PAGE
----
4. Us organic fertilisers and pest control methods, reducing your reliance on chemicals. Dahlias are strong, robust growers and respond well to an organic approach, performing well in soil with high organic content and without the need for chemical fertilisers. Use an organic potash to promote flowering when buds start to appear.
  5. Expect your dahlias to stop growing when temperatures are very high (over 90°C or 32°C). In regions where high summer is extremely hot, e.g central and southern Florida, the best growing season for dahlias are Fall and Spring.
  6. Try planting dahlias in September for blooms in November and December, and a second flush in Spring. This works in Orlando, Zone 9b.
  7. Grow your dahlias where they can get some afternoon shade to avoid exposing them to the worst of the scorching sun.
  8. Space your dahlias at least 12 to 18 inches (30 to 45cm) apart. This will help air circulation between plants and reduce the chance of fungal diseases, like powdery mildew. You can also remove some of the plants’ lower leaves when they have matured as this will also help the airflow around your plants.
  9. Mist your dahlias when the heat is extreme. You can set up an automated, timed, misting system or just use the mist setting on your hose nozzle to cool the plants down when it is extremely hot.
  10. Don’t forget, you still need to pinch out and deadhead dahlias, whatever the climate, in order to get more flowers for longer.

Potential problems when growing dahlias in Florida

Here are some of the problems you might face growing dahlias in the sub-tropical parts of Florida.

Heat stress

Dahlias like warmth and full sun – in temperate climates.

But when there is extreme heat dahlias can suffer – petals might burn, stems might wilt. This is why it is important to plant your dahlias in Florida where they can get some afternoon shade.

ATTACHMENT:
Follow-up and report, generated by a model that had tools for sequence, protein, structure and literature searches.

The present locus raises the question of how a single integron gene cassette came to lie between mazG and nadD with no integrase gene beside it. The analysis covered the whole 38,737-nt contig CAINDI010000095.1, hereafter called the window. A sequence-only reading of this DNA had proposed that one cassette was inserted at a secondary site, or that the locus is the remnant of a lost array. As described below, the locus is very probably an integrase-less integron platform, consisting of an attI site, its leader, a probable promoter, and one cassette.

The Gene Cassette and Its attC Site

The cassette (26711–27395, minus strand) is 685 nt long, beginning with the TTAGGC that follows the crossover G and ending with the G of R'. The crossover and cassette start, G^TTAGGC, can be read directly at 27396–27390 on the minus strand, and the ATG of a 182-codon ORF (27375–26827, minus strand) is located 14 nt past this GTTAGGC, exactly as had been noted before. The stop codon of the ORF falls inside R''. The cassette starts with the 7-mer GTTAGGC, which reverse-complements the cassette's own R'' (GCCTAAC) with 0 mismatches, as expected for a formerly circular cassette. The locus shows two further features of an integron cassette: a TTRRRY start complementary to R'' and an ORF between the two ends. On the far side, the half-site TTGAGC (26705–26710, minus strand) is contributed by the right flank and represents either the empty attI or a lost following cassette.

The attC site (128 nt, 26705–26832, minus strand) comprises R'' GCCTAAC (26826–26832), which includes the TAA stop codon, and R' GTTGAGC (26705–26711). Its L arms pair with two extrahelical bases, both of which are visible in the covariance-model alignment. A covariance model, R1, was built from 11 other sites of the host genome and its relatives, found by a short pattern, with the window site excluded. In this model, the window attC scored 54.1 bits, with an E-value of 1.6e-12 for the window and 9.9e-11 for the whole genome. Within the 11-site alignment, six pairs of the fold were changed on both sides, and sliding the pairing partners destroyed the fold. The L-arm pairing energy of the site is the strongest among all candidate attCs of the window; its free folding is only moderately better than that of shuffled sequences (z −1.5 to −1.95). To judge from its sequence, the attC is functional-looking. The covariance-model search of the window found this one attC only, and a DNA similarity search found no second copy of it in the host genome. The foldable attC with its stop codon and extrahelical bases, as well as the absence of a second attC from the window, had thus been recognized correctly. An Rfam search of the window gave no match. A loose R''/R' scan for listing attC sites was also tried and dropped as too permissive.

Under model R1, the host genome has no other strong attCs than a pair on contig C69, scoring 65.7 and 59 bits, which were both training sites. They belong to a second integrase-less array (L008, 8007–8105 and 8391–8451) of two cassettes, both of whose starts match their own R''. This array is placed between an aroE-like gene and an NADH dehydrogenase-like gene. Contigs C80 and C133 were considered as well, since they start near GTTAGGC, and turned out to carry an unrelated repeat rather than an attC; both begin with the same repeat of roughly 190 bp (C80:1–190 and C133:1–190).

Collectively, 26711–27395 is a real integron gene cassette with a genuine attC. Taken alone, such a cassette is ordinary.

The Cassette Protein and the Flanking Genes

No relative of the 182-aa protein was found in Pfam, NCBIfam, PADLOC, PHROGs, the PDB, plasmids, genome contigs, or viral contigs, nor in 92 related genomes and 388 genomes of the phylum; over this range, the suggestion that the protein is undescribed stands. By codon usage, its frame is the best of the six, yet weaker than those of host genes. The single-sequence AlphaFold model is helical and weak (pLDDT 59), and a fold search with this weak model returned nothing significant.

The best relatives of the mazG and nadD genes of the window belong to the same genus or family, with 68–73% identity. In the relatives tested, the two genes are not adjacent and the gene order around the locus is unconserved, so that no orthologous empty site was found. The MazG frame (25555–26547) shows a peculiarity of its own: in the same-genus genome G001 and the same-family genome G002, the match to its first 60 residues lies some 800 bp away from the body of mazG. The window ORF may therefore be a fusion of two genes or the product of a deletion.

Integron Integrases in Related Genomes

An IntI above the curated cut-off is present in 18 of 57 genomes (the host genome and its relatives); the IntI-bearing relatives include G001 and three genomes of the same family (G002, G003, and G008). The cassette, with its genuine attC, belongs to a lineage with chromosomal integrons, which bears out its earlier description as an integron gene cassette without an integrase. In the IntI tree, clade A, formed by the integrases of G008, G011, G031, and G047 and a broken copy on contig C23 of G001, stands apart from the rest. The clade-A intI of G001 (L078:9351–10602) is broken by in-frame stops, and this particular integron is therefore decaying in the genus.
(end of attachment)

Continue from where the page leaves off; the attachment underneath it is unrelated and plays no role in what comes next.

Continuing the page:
The shade of a tree is best, because trees naturally cool the air surrounding them through the process of transpiration (giving off water vapour). But if you have no natural shade available, rig up some shade cloth or netting that you can pull across the plants when needed.

As mentioned above, it is also a really good idea to mist the dahlias with water spray when temperatures get really extreme.

Fungal diseases

High humidity and rainfall can cause dahlias to suffer from bacterial and fungal diseases, such as:

  • Bacterial wilt which cause the stems to rot. You’ll need to destroy any affected dahlias.
  • Bacteriosis which also attacks the stems causing them to brown and rot but can also attack the roots. Remove damaged plants.
  • Botrytis blight which rots the buds and creates a grey mould. Remove damaged parts of the plant.
  • Powdery mildew which attacks the leaves and leaves a white powdery mould on them. Remove affected leaves quickly, improve watering at the roots.

To deter fungal disease, space plants at least 12 inches (30cm) apart. You can also remove some some leaves from the plant, but leave enough to ensure the plant can still photosynthesise.


According to the University of Florida, you need to look out for Aphids, European Corn Borers, Stalk Borers, Leafhoppers, Thrips and Mites.

Best dahlias for Florida

One of the most critical things to do when growing dahlias in Florida is to choose heat tolerant varieties. Examples include:

  • Aitara Caress – cactus dahlia, pink and white
  • Camano Messenger – cactus dahlia, pink and yellow
  • Clara Huston – cactus dahlia, orange
  • Hilcrest Kismet – formal decorative dahlia, pink and yellow
  • Just Peachy – semi-cactus dahlia, pink and yellow
  • Peaches ‘n’ Cream – formal decorative dahlia, orange and white
  • Robann Royal – miniature ball dahlia, lavender
  • Thomas A Edison – formal decorative dahlia – purple

We have a lot more on heat tolerant dahlias in this separate post.

More on growing dahlias

You can also get much more guidance on growing dahlias in these posts:

Love Dahlias?I've written the book on them

Check out my comprehensive step by step guide, with plain language explanations and ultra-useful images and illustrations. This is for you if you love dahlias and want to the best out of the dahlias you grow.

Join Us! Subscribe to the Gardening Step by Step NewsletterSign up below to receive the latest gardening tips and updates*

*by entering your details, you're agreeing to the terms and conditions and privacy policy. You can unsubscribe at any time.

Leave a Comment